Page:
Ask most people what May 5 is, and the response will no doubt be “Cinco de Mayo!” Ask them what that means, and you’ll get blank looks (FYI, it commemorates the victory of Mexico over France at the Battle of Puebla, not Mexican Independence Day, and not the discovery of guacamole).
Then tell people that last Thursday was Ascension Day, and expect more blank looks. This event is referred to in the Apostles Creed: “he ascended into heaven, and is seated at the right hand of God the Father almighty.” The creed here refers to the ascension and the session of Jesus.
Many might think it would have been better for Jesus to stay on earth, rather than ascend to heaven, that he could do more good by being here in person. The disciples seemed to think that (see John 13:36-37; 14:5; 16:17-18). But Jesus himself tells them, “it is for your good that I am going away” (John 16:7). The answer to Heidelberg Catechism 49 (“How does Christ’s ascension benefit us?”) helps us understand why.
First, petition: Jesus pleads our cause before the Father (Romans 8:34; I John 2:1). Second, presence: human flesh, in the person of Jesus, is in heaven, preparing a place for us (John 14:2, 17:24; Ephesians 2:6). Third, promise: Jesus sends us the Holy Spirit as a guarantee, a down payment (John 14:6, 16:7; II Corinthians 5:5). Why did Jesus say it was actually better if he went away? Because now our Savior is interceding on our behalf with the Father in his presence, preparing to bring us home to him, and sending the Holy Spirit to live within us. Talk about the best of both worlds! Our advocate is in heaven, and our comforter is on earth.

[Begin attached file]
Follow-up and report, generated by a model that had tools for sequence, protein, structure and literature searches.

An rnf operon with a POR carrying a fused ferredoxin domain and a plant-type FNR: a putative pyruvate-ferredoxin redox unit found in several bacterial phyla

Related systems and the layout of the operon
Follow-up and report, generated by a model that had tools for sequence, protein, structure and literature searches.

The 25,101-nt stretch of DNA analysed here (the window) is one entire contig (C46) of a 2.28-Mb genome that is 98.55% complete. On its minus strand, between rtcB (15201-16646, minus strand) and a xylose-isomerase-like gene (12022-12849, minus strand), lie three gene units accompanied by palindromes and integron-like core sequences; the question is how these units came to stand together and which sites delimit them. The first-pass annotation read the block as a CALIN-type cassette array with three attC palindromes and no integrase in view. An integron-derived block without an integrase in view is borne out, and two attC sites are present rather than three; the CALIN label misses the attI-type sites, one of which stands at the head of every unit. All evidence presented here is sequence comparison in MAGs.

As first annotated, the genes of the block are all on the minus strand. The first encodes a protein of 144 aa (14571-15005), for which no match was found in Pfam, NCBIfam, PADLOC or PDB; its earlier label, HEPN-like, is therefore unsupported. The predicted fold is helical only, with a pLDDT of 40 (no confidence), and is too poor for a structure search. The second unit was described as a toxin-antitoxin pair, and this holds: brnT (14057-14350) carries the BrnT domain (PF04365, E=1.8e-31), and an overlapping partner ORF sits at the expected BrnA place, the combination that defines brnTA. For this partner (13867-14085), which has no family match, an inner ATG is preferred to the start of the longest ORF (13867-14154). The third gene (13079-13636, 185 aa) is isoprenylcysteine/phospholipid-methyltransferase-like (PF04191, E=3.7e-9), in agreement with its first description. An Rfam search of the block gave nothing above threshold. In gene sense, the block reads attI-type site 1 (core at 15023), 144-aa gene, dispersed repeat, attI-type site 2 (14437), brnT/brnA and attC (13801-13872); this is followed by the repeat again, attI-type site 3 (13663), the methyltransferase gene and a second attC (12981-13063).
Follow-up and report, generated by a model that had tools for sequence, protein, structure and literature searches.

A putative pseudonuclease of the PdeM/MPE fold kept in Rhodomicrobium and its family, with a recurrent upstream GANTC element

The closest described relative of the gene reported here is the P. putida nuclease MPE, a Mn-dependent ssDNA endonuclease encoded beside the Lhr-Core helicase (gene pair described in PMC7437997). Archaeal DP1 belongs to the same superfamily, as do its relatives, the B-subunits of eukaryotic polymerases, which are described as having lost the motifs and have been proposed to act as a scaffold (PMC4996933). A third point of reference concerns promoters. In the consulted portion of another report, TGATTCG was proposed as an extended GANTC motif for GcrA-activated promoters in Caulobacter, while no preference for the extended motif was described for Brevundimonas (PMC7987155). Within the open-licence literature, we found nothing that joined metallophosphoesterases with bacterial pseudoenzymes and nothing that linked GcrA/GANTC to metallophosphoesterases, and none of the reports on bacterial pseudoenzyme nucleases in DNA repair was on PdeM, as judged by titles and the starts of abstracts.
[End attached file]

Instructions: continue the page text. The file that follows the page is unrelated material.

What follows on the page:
In his session—his being seated at the right hand of God in heaven—Jesus continues his work as the true prophet, priest, and king. As our prophet, he reveals to us, “by his word and Spirit, the will of God for our salvation” (Acts 2:33; I Peter 1:10-12). As our king, he rules and defends us from the seat of authority and power (Psalm 110:1-2; John 10:27-30). And as our priest?
Do you know what article of furniture was not to be found in either the tabernacle or the temple? Chairs. That’s because the work of the priests was never done; there were always more sacrifices to offer. But as Hebrews 10:11-12 tells us, after Jesus had offered one sacrifice for sins, he sat down at God’s right hand. It is finished (John 19:30)! As the hymn writer Isaac Watts observed, “His powerful blood did once atone, and now it pleads before the throne.”
The last sentence of the catechism answer reads: “By the Spirit’s power we make the goal of our lives, not earthly things, but the things above where Christ is, sitting at God’s right hand.” (See Colossians 3:1-4) As Kevin DeYoung writes, “The ascension means we are in heaven, right now. Through union with Christ, we truly are not citizens of this world.” Incredible, isn’t it?
If you trust in Christ alone for salvation, remember and praise the risen and ascended Savior who even now sits at the Father’s right hand, praying for you, protecting you, providing for you, and preparing for you.
You have raised our human nature
on the clouds to God’s right hand;
there we’ll sit in heav’nly places,
there with you in glory stand.
Jesus reigns, adored by angels,
man with God is on the throne;
mighty Lord, in your ascension
we by faith behold our own.
Steve Hoogerhyde is a Ruling Elder and coordinates our adult Christian education.